Wednesday

23rd May 2018

Eastern EU leaders to urge Balkan border clamp down

A handful of eastern EU states are seeking to ramp up border controls in the Balkans to stem migration inflows from Greece.

The move, set to be discussed on Monday (15 February) in Prague by the so-called Visegrad Four, is likely to provoke German opposition.

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Composed of the Czech Republic, Poland, Hungary and Slovakia, the Visegrad group wants to prevent refugees and migrants from taking the Western Balkan route towards mainland EU.

German authorities have said the planned border blockades would put Greece under greater pressure.

The vast majority of people leaving Turkey to seek international protection land on Greek Aegean islands.

Most then attempt to cross into Macedonia before heading further north to seek asylum in Germany or Austria.

But Czech prime minister Bohuslav Sobotka told Reuters on Sunday that EU agreements with Turkey to better manage and minimise the flows have yet to deliver results.

"The Visegrad Four (V4) realises how important it is to focus on the west Balkan route and show solidarity with the west Balkan countries and help them with protection of their borders," he said.

Both Macedonia and Bulgaria have been invited to attend the V4 meeting in Prague with Hungary lobbying to get Bulgaria admitted into the passport-free Schengen zone.

Greece, for its part, said it tried to manage the flows and provide border security.

“We made mistakes, we were confused, we didn’t know how to work with this new phenomenon; we had delays. But if someone wants xenophobia to prevail and the lack of reason, one has to find a scapegoat and for some people, it is Greece,” said Greece's minister in charge of migration policy Yiannis Mouzalas, reports ANA-MPA news agency.

The EU last week demanded Greece sort out its border and migration management methods at the risk of extending internal border controls in the Schengen zone to two years.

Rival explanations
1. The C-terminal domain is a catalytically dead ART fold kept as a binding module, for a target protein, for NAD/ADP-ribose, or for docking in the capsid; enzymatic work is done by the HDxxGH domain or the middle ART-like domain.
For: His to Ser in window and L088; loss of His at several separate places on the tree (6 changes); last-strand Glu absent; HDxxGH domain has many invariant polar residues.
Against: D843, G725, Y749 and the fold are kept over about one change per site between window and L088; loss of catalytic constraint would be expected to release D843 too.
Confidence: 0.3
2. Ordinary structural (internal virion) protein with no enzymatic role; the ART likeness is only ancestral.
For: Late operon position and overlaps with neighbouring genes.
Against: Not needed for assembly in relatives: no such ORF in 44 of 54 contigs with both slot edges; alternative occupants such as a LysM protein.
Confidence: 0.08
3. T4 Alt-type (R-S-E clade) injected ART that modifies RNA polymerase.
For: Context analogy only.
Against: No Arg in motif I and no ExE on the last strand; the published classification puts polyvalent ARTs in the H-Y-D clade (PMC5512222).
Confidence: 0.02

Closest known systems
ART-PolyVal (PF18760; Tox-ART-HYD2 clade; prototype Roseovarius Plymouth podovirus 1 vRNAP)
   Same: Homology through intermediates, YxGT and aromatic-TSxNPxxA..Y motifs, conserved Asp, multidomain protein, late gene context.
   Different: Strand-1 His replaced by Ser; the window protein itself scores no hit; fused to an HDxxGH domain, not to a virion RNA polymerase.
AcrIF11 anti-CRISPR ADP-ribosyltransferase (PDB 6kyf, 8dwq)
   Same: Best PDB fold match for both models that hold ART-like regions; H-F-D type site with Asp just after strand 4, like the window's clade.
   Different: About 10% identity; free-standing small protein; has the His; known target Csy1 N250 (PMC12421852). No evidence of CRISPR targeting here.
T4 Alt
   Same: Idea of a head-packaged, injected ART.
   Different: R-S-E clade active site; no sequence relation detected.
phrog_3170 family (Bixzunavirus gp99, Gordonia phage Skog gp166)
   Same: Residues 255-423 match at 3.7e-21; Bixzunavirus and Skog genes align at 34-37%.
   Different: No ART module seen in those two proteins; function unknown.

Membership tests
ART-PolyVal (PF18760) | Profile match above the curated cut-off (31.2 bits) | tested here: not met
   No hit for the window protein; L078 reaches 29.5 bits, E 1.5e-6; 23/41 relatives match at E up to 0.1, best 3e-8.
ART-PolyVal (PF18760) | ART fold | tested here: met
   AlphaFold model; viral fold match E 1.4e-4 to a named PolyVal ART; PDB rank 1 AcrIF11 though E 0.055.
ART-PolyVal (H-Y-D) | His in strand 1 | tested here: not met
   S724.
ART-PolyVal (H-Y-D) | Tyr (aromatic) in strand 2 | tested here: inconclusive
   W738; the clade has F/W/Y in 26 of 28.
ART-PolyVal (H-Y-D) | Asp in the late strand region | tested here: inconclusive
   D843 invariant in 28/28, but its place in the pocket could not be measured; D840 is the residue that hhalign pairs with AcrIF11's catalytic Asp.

Slovenia's PM Miro Cerar had also announced in January broader plans to bolster the Macedonian border with Greece.

"All European countries should provide Macedonia with the maximum assistance, we should deploy police officers, we should provide equipment," he had said in January.

Now Ljubljana announced on Sunday it would impose a limit on the number of asylum seekers and refugees allowed to enter Austria.

Fears are mounting that bottlenecks could appear along the route once Austria imposes a migration cap.

Vienna had earlier said it would accept only 37,500 asylum claims this year, down from around 90,000 in 2015. It also wants to deport a minimum of 12,500 people.

Athens mayor wants direct access to EU migration fund

The European Commission wants to triple the amount of money for migration in the next EU budget. Earlier this week, EU agencies, NGOs, and the mayor of Athens gave their views at a European parliament public hearing.

France tightens immigration law, sparking division

French lawmakers are cracking down on asylum seekers in a bid to send those rejected back home. Controversial measures they passed over the weekend will now be debated in the French senate in June.

Opinion

Integration of Syrian refugees in Europe needs scrutiny

Most refugee-related services are outsourced to the private sector and NGOs, which are not adequately monitored and evaluated. When governments and EU institutions provide funding for refugee projects, they should scrutinise the NGOs and private players they work with.

Opinion

Calling time on European-Turkish strategic relations

With an Erdogan-Putin summit on Tuesday, joined by Iran on Wednesday, it is time for Europe to face facts - Turkey's ties with the West are no longer strategic. When Europe goes hither, Turkey deliberately goes thither.

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